Real estate law can be a really complicated and heated topic. No one wants their home and property infringed upon; however, certain rules are put into place to protect all parties from an unjust outcome.
Take, for example, one of our recent Fall River callers.

The caller had purchased a lot adjacent to his mother’s home and continued to build a home on that property. While building the home, our caller was well aware that there was no room for a functional driveway.

His mother, at the time, granted him access to her property to build a driveway, and promised to leave the agreement in the will.

But she did not.

Now, with his mother deceased, our Fall River caller’s sister moved into the property and, according to the caller, took issue with the driveway. But since our caller has had a driveway on that property since 1962, does he have any legal rights to continue to use it?

Yes, he most likely does.

What you should know about real estate adverse possession in the Greater Fall River area

Our caller’s problem is not unique to this area. Pick a Fall River neighborhood (say, over on Montgomery in the North End, or farther south at Father Kelly) and you’ll be certain to see the type of close-knit neighborhoods where the luxury of a driveway isn’t always guaranteed.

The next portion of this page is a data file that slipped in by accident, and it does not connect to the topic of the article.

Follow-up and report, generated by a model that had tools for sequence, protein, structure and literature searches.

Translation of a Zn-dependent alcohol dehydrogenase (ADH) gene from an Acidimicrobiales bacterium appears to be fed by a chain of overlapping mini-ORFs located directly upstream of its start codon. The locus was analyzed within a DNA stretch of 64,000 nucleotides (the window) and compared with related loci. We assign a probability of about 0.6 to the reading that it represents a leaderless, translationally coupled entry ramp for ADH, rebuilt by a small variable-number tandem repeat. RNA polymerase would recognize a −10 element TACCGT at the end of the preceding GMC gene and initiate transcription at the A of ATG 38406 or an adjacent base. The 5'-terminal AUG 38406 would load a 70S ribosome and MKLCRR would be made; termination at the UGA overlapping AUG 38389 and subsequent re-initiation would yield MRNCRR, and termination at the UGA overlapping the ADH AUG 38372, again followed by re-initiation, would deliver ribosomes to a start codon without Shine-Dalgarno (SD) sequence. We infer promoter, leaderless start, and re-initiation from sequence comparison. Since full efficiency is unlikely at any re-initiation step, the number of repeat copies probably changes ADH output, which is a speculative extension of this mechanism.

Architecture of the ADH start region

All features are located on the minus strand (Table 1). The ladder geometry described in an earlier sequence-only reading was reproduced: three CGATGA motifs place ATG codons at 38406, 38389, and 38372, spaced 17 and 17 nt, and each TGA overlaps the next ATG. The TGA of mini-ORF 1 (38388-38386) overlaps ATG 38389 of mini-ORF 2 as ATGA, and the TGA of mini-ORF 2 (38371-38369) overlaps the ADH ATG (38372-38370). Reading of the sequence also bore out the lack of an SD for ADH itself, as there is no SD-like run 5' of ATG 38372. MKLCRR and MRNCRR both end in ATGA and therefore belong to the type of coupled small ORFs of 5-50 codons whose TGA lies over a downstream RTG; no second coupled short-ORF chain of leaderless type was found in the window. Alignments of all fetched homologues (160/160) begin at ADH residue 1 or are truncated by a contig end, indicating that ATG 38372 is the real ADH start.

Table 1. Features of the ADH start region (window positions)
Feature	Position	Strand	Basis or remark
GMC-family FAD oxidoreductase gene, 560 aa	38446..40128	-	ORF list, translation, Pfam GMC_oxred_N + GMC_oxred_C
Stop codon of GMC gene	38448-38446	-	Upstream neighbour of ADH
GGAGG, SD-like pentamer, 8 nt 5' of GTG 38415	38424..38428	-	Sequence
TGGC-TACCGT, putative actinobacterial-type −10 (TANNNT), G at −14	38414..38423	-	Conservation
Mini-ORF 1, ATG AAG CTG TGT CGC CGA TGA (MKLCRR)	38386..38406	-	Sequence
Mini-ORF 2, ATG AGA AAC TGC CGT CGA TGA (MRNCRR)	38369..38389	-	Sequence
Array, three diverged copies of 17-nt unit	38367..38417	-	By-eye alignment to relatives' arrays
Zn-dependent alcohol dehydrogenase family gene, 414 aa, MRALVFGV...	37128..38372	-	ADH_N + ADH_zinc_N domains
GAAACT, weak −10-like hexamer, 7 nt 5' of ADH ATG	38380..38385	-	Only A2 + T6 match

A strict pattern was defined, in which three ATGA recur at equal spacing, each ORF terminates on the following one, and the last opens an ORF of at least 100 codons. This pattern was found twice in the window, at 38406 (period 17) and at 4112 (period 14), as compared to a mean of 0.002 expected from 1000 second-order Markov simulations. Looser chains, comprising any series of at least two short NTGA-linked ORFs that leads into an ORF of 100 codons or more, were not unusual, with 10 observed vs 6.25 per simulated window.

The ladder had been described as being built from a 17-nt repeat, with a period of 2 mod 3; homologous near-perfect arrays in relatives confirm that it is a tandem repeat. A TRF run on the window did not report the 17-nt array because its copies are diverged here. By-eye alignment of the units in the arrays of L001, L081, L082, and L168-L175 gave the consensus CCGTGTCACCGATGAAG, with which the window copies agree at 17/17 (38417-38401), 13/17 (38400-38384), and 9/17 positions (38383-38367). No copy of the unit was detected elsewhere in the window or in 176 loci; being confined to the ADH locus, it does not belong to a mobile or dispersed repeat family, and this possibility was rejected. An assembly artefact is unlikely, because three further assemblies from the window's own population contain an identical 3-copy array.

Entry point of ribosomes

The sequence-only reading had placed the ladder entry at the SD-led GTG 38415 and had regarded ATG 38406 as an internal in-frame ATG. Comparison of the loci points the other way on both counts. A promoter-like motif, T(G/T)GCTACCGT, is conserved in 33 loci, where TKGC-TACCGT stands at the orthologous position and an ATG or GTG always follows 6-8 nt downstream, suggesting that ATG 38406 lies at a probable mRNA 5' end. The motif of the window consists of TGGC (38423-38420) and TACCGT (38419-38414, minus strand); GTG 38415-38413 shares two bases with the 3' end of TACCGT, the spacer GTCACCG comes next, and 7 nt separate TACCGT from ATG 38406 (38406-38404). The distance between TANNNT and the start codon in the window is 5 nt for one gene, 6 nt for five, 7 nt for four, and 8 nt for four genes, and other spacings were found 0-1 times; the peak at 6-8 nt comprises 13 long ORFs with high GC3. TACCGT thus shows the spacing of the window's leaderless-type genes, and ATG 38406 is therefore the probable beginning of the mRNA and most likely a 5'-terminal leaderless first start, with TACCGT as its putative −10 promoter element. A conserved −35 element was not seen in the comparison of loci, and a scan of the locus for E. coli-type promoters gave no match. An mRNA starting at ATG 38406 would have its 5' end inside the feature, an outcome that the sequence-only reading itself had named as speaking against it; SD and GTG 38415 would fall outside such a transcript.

Therefore, it’s important you understand your rights, and the real estate laws involved, regarding property and your use of that property.

Adverse possession and easement by prescription

These two laws likely give our caller rights to use his established driveway. Take, for example, the language found within adverse possession. This entitles someone to another’s real property – without compensation – if he or she can demonstrate that they’ve been holding that property for a specified period of time, in a manner that conflicts with the true owner’s rights.

Seeing that our caller has been using that property specifically as a driveway for the better part of 50 years likely gives him some legal footing to stand on.

Concerning a real estate matter, you may not always want to pursue legal action

While our caller may win his case, it’s not always the best idea to take this type of case to court. Sure, there are times when it’s unavoidable. Say, for example, the property owner puts up barricades to prevent the usage of that area. Then you likely have no choice.

However, taking it to court can be a lengthy and expensive proposition. In the end, it may be less costly to engage in a financial arrangement with the property owner. If the owner is willing to lease that property, you may discover that the long-term cost of this lease will be less than the cost of pursuing legal action.

Of course, many of our Fall River clients would say, “But it’s the principle.” Perhaps, however, it is important to know all of your options, and the potential drawbacks of your decision.

Are you facing any type of real estate battle with one of your neighbors in Fall River, MA? We encourage you to contact the Law Offices of Sabra & Aspden to learn more about how we help clients throughout Southeastern, MA and Rhode Island navigate the legal system. Contact us today at 508-674-0890 or email @ [email protected]